What is Cervical Cancer?
Cervical cancer begins in the cells lining the cervix, which is the lower part of the uterus or womb. The cervix connects the the uterus to the vagina. In most cases, cervical cancers start with cell changes and do not suddenly turn into cancer, but gradually develop pre-cancerous changes that later may turn into cancer. These changes can be detected by the Pap Smear and treated to prevent cancer from developing.
Only some of the women with pre-cancers of the cervix will actually develop cancer. Generally, it takes many years for cervical pre-cancer to change into cervical cancer, but in rare cases, it can happen in less than a year. For most, pre-cancerous cells disappear without any treatment, but some women will see their pre-cancers turn into invasive cancers. This is why it is so important to go for regular screening (Pap Smear ) for early diagnosis of all cervical pre-cancers. If pre-cancer of the cervix is found early, almost all cervical cancers can be prevented.
If you haven’t been for a Pap Smear test recently, please contact us or make an appointment as soon as you can and we will be happy to help! Pap Smear is part of our comprehensive and affordable package deals currently on offer at Khema International Clinic.
Early cervix cancer and/or pre-cancers don’t usually give any symptoms. A woman won’t usually feel or notice any symptoms until the cancer becomes invasive. The following symptoms or signs are, at that stage, common:
- Abnormal vaginal bleeding, e.g. after vaginal sex; bleeding or spotting between periods; bleeding after menopause; and having longer or heavier periods;
- Unusual discharge from the vagina that may have blood between periods or after menopause;
- Pain during vaginal sex.
If you have any of these symptoms, are worried or want to talk to an OBYGYN specialist, don’t hesitate to contact us or make an appointment
Risk factors for cervical cancer include both biological- and non-biological factors. These include:
- Human Papilloma Virus: The most important risk factor for cervical cancer to be aware of is the Human Papilloma Virus (HPV). The HPV is a group consisting of over 100 different, but related, viruses. A few of these cause growths or warts called papillomas. The HPV is spread through skin-to-skin contact and is most often spread sexually. Approximately 2/3 of all cervical cancer can be traced to two HPV viruses (HPV 16 and 18).
- Smoking: Smoking is a risk factor as chemicals inhaled from the smoke can seriously damage the body’s organ, including the female reproductive system. Studies show that a woman that smokes runs twice the risk of developing cervical cancer compared to a woman who doesn’t smoke.
- A weakened immune system: Women who live with HIV are at higher risk of contracting HPV due to lowered immune system. Pre-cancer in the cervix ay also more rapidly develop into invasive cervical cancer in an HIV-positive woman.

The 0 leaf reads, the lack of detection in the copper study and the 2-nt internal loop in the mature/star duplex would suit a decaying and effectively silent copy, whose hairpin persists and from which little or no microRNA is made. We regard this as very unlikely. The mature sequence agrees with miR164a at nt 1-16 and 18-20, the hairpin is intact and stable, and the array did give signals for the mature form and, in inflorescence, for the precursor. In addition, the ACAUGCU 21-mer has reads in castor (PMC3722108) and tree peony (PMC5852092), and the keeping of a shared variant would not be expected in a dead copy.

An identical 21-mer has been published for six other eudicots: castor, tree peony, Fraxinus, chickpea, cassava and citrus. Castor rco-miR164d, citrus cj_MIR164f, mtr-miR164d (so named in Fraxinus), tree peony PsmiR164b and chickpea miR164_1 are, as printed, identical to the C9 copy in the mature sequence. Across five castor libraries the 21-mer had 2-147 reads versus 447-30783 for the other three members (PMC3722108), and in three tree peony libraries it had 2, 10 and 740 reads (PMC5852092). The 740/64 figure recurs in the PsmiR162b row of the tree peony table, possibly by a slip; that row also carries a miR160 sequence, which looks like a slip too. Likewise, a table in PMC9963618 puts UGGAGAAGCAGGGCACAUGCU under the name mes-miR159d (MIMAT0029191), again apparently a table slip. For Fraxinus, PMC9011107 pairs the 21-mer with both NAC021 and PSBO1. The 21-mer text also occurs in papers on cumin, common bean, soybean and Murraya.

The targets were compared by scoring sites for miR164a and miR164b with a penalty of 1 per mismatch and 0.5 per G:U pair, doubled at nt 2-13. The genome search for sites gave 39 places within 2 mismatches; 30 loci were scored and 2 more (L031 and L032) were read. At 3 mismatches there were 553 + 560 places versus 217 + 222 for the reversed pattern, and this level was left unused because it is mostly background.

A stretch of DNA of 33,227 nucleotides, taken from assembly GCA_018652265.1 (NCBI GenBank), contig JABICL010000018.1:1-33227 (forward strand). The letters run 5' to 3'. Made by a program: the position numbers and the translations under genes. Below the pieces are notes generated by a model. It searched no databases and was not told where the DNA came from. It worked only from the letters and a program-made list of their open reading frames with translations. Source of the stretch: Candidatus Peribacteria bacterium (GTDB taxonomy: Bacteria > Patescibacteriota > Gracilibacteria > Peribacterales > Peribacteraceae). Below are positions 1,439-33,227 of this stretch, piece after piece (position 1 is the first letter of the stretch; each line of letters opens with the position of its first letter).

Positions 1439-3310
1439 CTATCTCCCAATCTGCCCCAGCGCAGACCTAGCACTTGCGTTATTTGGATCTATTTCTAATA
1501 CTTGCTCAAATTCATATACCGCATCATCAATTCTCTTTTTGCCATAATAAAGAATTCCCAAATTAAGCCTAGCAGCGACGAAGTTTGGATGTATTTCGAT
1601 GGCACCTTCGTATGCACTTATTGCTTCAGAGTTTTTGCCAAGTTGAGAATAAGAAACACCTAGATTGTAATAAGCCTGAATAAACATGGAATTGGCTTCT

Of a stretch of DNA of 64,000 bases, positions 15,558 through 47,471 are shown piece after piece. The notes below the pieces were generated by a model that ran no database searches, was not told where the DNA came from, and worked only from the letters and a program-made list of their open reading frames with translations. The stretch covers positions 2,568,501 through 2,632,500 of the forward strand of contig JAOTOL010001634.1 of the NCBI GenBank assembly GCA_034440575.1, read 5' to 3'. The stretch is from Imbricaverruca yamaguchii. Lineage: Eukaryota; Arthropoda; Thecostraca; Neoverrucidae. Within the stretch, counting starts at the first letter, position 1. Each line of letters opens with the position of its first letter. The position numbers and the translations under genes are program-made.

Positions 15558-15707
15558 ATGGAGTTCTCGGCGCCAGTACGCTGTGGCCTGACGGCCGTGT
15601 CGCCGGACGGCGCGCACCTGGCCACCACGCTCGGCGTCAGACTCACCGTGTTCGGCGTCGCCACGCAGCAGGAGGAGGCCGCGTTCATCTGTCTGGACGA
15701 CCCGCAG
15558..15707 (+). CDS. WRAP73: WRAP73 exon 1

- Diet: Women who don’t eat a diet rich in vegetables and fruit may increase the risk of developing cervical cancer.
- Overweight: A woman with a very high body mass index (BMI) and who are classified as obese are also at higher risk of developing cervical cancer.
- Long-term use of oral contraceptive: Some studies suggest that long-term use (over ten years) may increase a woman’s risk of cervical cancer. The same studies also suggest that, after stopping oral contraceptives, the risk decreases again. Risks should be discussed with your doctor before making any decisions about oral contraceptives.
- Multiple full-term pregnancies: Women who have had at least three full-term pregnancies are at slightly higher risk of developing cervical cancer
- Younger than 17 years old at first full-term pregnancy: A woman who carries a baby to term and who is younger than 17 years old at delivery are at slightly higher risk of developing cervical cancer
- Family history of cervical cancer: if your mother or sister have been diagnosed with cervical cancer, then you are also at higher risk of this kind of cancer.
The best way to find cervical cancer early is to go for regular screening, e.g. a Pap-Smear test, which will be able to detect pre-cancers of the cervix before developing into invasive cancer. Being aware of signs and symptoms of cervical cancer may also help avoid delays in diagnosis and treatment. Early detection significantly improves chances of successful treatment as well as prevent cell changes from becoming cancerous.
If your Pap-Spear test show abnormalities or if you have symptoms of cervical cancer, your doctor will request further tests for a proper diagnosis.
Diagnosis of cancer
Your doctor may order some tests if you have symptoms that suggest cervical cancer. If you receive a diagnosis of invasive cancer, your doctor will refer you to a specialist who focuses in cancers of women's reproductive systems. The test needed may include:
- Medical history and a physical exam (pelvic exam; check of lymph nodes for spread);
- Colposcopy (exam of cervix and possible biopsy);
- Cervical biopsies
If a biopsy show that you have cervical cancer, further tests may be done for proper staging diagnosis or the spread of the cancer.